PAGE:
Altogether, the cheques total a combined $96,598.
The cheques were written between April 2017 and July 2018, and each cheque shows two signatures. Eleven of the 12 cheques have no information on the memo field that would indicate what the payment was for.
The biggest payment, for $32,693, went to Chatman's Welding and was dated July 26, 2018.
On Aug. 31, Stephanie Chatman, trading as Chatman's Welding, wrote a $100,000 cheque to the local service district.
That cheque was deposited on Sept. 16 — the same day that the provincial government dissolved the former local service district committee.
Chatman was one of two remaining members on the committee that was being dissolved.
A full committee has seven members, but over the course of 2017 and 2018 committee members had resigned, and the committee was down to two this summer.
There were several attempts to hold public meetings to elect new members, but those meetings never attracted enough residents from the community.
Stephanie Chatman did not respond to several interview requests from CBC News.
Eleven of the 12 cheques written to Chatman or her companies show what appear to be the signatures of two former LSD members — Chelsea Keats and Wade Bowring.
When CBC News contacted Keats for comment, Clarenville lawyer James Hughes replied.
Hughes wrote that his client was anticipating a call from the RCMP's investigating officer to give a statement as a potential witness.
"The signatures on the cheques purporting to be Ms. Keats's were forged and during that time period when the cheques were written, Ms. Keats was not part of the committee," Hughes wrote.
Hughes wrote that he advised his client to only speak with police.
Meanwhile, Wade Bowring — whose signature also appears to be on 11 of those 12 cheques — declined to comment about financial practices during his term on the committee, or why his signature appeared to be on those cheques.
A local service district member said Bowring has told them that he did not sign inappropriate cheques.
Former member speaks out
Reginald Perry was one of only two members who remained active on the local service district before it was dissolved Sept. 16. The other was Stephanie Chatman.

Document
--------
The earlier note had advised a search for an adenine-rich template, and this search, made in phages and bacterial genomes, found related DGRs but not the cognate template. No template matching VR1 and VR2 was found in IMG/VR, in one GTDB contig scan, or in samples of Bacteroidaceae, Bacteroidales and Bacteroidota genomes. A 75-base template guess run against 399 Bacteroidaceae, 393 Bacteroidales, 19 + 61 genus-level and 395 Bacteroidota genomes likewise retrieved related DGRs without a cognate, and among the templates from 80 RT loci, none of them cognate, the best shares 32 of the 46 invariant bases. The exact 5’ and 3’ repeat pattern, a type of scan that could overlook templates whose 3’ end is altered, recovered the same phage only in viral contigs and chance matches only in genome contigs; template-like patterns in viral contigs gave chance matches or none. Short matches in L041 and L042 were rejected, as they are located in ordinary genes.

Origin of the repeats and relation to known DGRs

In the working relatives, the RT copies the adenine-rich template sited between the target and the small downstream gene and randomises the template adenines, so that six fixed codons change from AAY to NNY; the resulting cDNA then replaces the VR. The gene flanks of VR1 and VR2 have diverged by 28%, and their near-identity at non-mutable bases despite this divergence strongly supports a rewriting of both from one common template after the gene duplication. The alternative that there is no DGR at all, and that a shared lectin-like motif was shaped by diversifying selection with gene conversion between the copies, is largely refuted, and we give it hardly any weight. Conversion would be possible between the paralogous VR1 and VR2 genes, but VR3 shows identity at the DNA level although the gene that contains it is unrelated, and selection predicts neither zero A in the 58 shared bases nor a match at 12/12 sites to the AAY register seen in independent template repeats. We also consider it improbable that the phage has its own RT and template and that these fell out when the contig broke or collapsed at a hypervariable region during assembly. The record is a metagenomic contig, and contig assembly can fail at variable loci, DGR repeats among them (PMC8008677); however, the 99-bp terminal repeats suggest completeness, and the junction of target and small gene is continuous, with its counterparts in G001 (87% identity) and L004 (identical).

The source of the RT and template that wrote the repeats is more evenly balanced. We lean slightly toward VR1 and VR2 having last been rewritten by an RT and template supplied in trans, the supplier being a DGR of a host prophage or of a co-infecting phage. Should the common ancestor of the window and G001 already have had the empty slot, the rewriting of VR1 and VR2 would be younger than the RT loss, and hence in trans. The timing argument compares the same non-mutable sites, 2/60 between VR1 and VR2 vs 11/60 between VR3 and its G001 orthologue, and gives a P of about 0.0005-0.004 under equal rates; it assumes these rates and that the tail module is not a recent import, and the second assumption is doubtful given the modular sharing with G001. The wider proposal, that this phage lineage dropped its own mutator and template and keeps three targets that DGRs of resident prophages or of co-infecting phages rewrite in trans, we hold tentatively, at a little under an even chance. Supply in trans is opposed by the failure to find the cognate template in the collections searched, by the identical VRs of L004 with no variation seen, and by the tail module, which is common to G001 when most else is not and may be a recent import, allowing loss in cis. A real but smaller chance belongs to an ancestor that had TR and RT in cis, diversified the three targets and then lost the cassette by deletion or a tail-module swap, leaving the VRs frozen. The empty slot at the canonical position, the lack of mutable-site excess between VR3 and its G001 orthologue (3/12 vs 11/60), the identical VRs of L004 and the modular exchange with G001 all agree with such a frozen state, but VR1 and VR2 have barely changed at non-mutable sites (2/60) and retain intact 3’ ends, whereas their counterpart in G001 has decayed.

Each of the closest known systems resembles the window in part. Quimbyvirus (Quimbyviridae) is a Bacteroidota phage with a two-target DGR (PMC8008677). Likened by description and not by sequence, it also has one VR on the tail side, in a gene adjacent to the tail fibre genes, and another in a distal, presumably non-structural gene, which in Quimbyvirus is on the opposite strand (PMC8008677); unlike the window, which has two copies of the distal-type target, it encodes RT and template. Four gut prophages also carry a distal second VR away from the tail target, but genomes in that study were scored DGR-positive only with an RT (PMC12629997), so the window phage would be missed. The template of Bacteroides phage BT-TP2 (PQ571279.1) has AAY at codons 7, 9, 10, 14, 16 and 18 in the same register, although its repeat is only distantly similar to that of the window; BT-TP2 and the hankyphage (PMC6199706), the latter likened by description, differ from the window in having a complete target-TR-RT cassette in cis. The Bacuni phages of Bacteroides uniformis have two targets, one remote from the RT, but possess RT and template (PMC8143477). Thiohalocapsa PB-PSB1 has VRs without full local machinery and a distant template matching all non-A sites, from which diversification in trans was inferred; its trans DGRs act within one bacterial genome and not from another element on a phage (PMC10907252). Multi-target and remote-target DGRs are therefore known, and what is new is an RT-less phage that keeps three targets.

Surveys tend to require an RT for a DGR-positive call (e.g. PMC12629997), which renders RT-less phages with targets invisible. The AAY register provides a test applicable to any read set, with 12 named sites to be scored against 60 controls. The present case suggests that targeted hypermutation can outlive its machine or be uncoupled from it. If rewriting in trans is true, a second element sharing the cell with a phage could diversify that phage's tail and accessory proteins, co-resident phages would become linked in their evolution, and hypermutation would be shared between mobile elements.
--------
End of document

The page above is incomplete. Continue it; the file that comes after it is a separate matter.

Perry said his three years on the committee were "terrible" and he "didn't know anything that was going on."
Perry told CBC News that he spent the majority of his term fighting for access to financial documents, which he said Chatman held.
He alleged his consistent requests were ignored, and also said he wrote to the Department of Municipal Affairs to ask it to launch an investigation.
Other former committee members could not be reached by CBC News, or declined comment.
Current fire truck is from 1971
Ruby Nicholson, the committee's new treasurer, said there are discrepancies between receipts provided to homeowners paying their fees, and money that was deposited into the CIBC account.
"From the receipts that I had, there was like $53,000 and change for receipts that people paid for their fees, and the deposit book only shows $27,000 and change," she said.
The Bunyan's Cove local service district is responsible for providing water service, garbage collection and fire protection for the households in the community.
Squibb, who volunteered with the fire department before starting with the local service district committee last month, said there are now questions about how the community will pay for a new fire truck.
The new truck would replace a 1971 Ford 750.
"Right now, the old fire truck that we've got there, it leaks water. So every so often, you've got to go fill the tank up, top the tank up," Squbb said.
"Two years ago, we had a breakdown with one of the brakes.… We had to order to the States to get parts, because nobody has it anymore."
The fire department raised its own money for the truck, which Squibb says remains in the department's own bank account.
But because other money appears to be missing, the truck remains parked in Clarenville.